I previewed bits of Table Hostess gifts (here and here), and want to share all the details now that the festival is over. In keeping with the "Return to Switzerland" theme, I'd come up with the idea of a bag of Swiss souvenirs. My plans were more grandiose than my skills however, so I enlisted the help of my talented friend Tina to be my co-hostess. She made Swiss cheese wedges out of Fimo, cut and sewed bandannas from some original dealer replacement fabric (an eBay find), and gave me lots of encouragement and positive feedback as I worked on my projects.
I persuaded my husband to make miniature Toblerone bars in both regular and dark chocolate versions, scanning the original packages and reducing them to 1/3 size (he has patience with X-Acto and glue from working on his RC Airplanes). Here's a picture of Calla and Boo checking the size of his prototype:
I went shopping online and found alpine bell keychains and edelweiss charms (from Germany), and small Swiss flag patches (from Thailand). I removed the keychain portion from the bells, and made Sasha-sized necklaces from the charms. I created little cards on my computer explaining the significance of the bandannas. And I started sewing totebags using Peggy Trauger's pattern. This was the hard part. I recently purchased a sewing machine, but haven't done any sewing (other than simple mending or craft projects by hand) in the past 25 years. I was thrilled with how well they turned out, even though they were finished with little time to spare. Here's how everything looked as Tina and I put the bits together at the hotel on Thursday evening:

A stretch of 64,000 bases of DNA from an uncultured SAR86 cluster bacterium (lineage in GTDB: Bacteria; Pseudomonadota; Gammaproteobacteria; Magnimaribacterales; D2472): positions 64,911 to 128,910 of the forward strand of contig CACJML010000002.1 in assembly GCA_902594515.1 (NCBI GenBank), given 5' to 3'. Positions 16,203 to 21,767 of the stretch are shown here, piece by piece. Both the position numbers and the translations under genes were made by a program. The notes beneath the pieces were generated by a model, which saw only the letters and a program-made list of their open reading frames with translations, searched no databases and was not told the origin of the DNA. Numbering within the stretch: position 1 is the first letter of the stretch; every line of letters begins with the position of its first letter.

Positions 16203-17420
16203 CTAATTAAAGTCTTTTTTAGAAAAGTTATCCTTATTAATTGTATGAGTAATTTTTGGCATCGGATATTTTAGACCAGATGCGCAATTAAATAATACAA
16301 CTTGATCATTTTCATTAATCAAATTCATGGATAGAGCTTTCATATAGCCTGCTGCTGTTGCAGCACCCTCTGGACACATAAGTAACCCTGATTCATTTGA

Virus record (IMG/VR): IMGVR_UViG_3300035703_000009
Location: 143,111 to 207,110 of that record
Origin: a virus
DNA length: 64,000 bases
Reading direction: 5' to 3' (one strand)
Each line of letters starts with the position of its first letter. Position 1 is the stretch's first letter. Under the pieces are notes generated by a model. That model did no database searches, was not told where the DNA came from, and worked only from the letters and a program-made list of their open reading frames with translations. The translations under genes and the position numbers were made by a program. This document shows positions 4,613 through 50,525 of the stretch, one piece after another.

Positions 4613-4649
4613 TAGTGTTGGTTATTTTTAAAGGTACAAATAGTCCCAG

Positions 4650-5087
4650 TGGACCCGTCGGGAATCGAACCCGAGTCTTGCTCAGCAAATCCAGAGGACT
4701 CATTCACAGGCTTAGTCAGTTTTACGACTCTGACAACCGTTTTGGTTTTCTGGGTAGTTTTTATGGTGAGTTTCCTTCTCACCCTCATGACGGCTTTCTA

There was a second portion to our gift as well. I had been mulling over some sort of card with our names and the bandanna information, but I separated the two ideas after some brainstorming with Tina. She suggested we make Lindt bars instead of the Toblerone due to their connection with Sasha. I liked the distinctive Toblerone shape, but thought Lindt bars would be nice if I had one of the old labels to miniaturize. That morphed into creating modern versions of the labels, and using these to identify ourselves. I selected my 1968 dolls to use as models, and set up a "photo studio" with a solid color background and decent lighting to photograph them. My husband is a whiz with Photoshop, and helped me figure out enough to create the labels I'd sketched by hand on a piece of paper (modeled after the originals, which Tina emailed me scans of from a magazine article). Once they were complete, I used them as sleeves around Lindt bars. Here's a picture of the five versions, which all have the same back:
I hope everyone who sat at our table enjoyed receiving these gifts as much as we enjoyed creating them.